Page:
BACKGROUND. The aim of this study was to evaluate the possible contribution VCS could make in a hematological laboratory for the diagnosis of acute myeloid leukemia (AML). MATERIALS AND METHODS. Peripheral blood samples from 42 AML patients and 58 normal donors were analyzed by flow cytometry with the VCS. Normal and leukemic peripheral blood samples were tested to establish a correlation between VCS data and the reference manual method. We evaluated the sensitivity threshold of the VCS for blast cell detection in progressively diluted samples. We looked at a correlation between different scatterplots and flags and the FAB classification of acute myeloid leukemia in order to identify a characteristic VCS image for each subtype. Thirty-four bone marrow samples (18 normal donors and 16 leukemic patients) were analyzed by the VCS system to demonstrate a characteristic scattergram distribution. Further, we tried to compare scatterplots to the flags of leukemic bone marrow samples and, finally, we compared VCS scatterplots with aberrant antigen expression in AML cases. RESULTS AND CONCLUSIONS. Overall VCS specificity was 93.1% (54/58) in peripheral blood samples; sensitivity was 100% (42/42) and VCS efficiency was 96%. In AML the characteristic X6 flag was observed in 95.23% of the cases (40/42). In peripheral samples discrimination was made between AML M1 with agranular blasts > 50% of the non erythroid cells (NEC), M4, M5 on the one hand, and AML M1 with granular blasts > 50% of NEC, M2, M3 on the other: the X5 flag was often present in the second group because of the different localization of the cells (p = 0.001). In all normal bone marrow samples we observed granuloblasts in different maturation stages in the neutrophil region of the DF1 VCS scatterplot corresponding to the X5X6 flags or, rarely, to the X5X6X1, because of the presence of immature erythroid cells. This association X5X6 was never observed alone in patients affected by AML. In our study, it was difficult to identify peculiar scatterplots and alarms for each FAB class of AML. Nevertheless, we observed that in all M4 and M5 FAB cases the blastic cells both in the peripheral blood and in the bone marrow samples were located in the monocyte region, with the frequent presence of the X3 flag often associated with the X6 flag. Eight out of the 16 AML bone marrow samples (1 FAB M0, 1 M2, 1 M3, 2 M4, 3 M5) showed the X2 flag and partial localization of blasts in the lymphoid region. In all these cases the presence of some small blastic cells with agranular cytoplasm was confirmed by morphological observation and cytochemical stainings.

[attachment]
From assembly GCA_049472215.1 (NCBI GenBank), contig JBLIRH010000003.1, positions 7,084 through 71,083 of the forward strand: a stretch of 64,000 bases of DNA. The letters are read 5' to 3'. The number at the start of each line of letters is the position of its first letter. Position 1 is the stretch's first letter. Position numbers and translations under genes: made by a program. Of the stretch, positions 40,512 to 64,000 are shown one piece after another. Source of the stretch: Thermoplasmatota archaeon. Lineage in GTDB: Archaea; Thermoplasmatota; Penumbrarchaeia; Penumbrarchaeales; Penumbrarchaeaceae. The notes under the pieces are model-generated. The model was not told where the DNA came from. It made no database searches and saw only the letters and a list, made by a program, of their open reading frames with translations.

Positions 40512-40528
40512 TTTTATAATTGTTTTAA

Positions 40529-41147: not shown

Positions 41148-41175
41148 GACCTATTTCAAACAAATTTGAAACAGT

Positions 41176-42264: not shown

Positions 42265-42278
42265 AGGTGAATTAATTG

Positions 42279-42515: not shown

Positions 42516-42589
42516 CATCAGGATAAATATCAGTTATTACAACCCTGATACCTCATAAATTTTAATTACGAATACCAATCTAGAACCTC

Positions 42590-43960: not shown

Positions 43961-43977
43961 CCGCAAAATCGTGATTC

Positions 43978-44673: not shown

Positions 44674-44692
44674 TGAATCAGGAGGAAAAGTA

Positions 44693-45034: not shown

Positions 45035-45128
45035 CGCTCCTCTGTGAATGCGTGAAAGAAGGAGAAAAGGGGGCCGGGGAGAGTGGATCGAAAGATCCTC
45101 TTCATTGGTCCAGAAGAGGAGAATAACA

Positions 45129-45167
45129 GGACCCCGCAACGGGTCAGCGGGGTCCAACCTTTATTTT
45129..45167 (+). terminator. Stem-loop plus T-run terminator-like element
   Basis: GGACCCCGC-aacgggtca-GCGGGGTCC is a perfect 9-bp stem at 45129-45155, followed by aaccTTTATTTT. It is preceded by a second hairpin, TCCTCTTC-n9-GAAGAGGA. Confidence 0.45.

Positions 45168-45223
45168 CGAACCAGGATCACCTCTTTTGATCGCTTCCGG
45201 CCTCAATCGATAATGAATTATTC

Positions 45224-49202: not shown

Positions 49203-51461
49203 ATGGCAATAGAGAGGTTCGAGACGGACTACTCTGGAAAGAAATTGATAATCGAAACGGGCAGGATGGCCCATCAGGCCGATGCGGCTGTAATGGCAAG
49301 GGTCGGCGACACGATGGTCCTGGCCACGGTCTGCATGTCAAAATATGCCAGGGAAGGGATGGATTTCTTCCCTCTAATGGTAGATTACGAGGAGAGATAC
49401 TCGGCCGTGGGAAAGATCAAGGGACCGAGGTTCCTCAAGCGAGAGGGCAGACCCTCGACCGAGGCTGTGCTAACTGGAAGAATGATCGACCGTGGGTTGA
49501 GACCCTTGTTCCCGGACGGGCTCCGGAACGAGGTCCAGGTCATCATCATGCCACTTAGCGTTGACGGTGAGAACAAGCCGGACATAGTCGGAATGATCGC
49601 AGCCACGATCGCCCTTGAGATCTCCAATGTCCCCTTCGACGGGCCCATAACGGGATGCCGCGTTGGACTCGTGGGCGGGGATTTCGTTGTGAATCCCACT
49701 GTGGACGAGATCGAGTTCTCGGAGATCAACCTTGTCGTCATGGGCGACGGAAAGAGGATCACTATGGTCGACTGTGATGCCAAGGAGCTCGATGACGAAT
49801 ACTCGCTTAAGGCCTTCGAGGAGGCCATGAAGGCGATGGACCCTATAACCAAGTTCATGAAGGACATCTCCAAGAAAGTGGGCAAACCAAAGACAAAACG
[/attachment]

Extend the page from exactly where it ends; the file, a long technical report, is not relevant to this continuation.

Vol. 79 No. 5 (1994): September, 1994 : Articles
Ferrata Storti Foundation, Pavia, Italy
Statistics from Altmetric.com